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Park Crew Wraps the World’s Biggest Tree in Foil as Wildfires Scorch the Earth

The popular tourist spot is home to some of the world's largest and oldest trees.

Park Crew Wraps the World’s Biggest Tree in Foil as Wildfires Scorch the Earth
Trees are wrapped in foil to protect them from the raging fire. Sequoia and Kings Canyon National Parks

The Sequoia and Kings Canyon National Parks in California, a popular tourist spot that's home to some of the world's largest trees, are being threatened by a fire as climate change exacerbates heat waves. The park's management is now using new technology to protect these old trees by wrapping them in foil.

"Minimal fire growth today. Some fire activity picked up late afternoon as smoke cleared, humidity levels dropped and temperature increased. Crews continue to apply protection wrapping (foil) to iconic sequoia trees and historic structures," reported the management of the park on Facebook.

The management added that the KNP Complex was ignited by lightning on the night of September 9. The complex is comprised of the Paradise Fire and the Colony Fire.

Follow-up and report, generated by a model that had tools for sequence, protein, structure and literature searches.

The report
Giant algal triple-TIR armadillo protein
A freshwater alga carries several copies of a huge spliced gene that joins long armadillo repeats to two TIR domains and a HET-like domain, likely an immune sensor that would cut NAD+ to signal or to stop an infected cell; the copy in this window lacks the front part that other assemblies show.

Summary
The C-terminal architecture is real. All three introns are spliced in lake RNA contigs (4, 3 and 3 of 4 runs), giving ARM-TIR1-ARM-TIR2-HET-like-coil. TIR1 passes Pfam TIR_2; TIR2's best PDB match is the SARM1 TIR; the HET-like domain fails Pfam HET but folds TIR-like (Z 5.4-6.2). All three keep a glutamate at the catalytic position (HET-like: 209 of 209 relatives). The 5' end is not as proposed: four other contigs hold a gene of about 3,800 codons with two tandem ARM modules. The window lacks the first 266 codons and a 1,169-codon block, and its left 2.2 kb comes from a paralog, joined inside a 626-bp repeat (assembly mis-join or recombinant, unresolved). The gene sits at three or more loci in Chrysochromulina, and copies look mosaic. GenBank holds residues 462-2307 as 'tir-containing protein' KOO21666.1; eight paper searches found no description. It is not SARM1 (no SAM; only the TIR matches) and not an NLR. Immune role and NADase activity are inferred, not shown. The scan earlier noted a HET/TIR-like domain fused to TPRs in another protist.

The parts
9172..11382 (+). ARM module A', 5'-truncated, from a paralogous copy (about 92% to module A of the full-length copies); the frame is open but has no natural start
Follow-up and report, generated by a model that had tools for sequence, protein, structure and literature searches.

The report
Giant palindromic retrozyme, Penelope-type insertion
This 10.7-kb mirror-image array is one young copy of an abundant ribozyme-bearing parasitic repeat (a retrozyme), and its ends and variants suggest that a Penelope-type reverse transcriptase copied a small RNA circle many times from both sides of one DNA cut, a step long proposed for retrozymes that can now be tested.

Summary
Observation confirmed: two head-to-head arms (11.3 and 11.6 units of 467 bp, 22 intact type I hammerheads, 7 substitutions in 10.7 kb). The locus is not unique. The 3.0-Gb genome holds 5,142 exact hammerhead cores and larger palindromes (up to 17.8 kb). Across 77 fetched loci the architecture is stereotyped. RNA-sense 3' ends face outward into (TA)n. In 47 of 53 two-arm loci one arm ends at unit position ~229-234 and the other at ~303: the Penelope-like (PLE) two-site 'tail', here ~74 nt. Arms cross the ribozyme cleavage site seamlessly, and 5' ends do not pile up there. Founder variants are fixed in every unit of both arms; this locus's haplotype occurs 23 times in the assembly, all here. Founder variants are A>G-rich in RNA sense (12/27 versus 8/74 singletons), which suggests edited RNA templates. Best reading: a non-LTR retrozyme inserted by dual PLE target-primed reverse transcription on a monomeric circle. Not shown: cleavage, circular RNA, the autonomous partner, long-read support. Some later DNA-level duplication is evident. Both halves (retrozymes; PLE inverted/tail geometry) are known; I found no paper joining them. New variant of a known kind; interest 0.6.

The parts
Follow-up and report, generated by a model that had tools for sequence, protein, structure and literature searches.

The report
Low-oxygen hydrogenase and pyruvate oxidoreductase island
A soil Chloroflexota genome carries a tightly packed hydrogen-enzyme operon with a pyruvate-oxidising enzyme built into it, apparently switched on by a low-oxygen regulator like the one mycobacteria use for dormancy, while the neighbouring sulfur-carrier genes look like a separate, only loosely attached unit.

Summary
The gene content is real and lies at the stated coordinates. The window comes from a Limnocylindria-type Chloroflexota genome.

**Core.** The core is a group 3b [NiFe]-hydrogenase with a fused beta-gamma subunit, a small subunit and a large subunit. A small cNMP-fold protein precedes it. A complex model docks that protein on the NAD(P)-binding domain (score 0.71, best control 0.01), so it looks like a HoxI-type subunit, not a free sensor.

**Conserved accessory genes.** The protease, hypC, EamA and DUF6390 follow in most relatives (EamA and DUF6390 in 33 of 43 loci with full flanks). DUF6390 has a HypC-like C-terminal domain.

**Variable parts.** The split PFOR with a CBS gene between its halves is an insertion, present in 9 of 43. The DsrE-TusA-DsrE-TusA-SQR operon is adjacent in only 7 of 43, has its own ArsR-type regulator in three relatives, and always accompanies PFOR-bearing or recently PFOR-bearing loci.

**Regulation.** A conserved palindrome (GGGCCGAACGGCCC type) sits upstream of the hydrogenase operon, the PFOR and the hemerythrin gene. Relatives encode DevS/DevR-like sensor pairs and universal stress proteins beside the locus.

They also added that Sequoia National Park is closed to the public and provided a map of the areas under evacuation warning and order, as well as other evacuation resources.

The Guardian further reported that firefighting efforts were being complicated by smoke, which clouds visibility for aerial drops. The flames were also reported to be burning in steep and rugged terrain, thwarting access on the ground.

“As a community we are going to be tested,” said Clay Jordan, superintendent of Sequoia and Kings Canyon national park, during a community meeting Tuesday, September 14.

The fires began on Thursday, September 9, and by Saturday, September 11 Sequoia National Park closed its Tulare County entrance. On Sunday, September 12 the Giant Forest, which has over 2,000 giant sequoias, including the General Sherman Tree, the world's largest tree, was further closed.

"These fires are growing and have potential to affect park infrastructure and resources," the U.S. Forest Service said in an incident overview posted online at the time. "The parks are aggressively attacking these fires to suppress them."

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Two weeks, later, however, the fires continue to rage while firefighting teams do their best to protect Sequoia's famous trees. 

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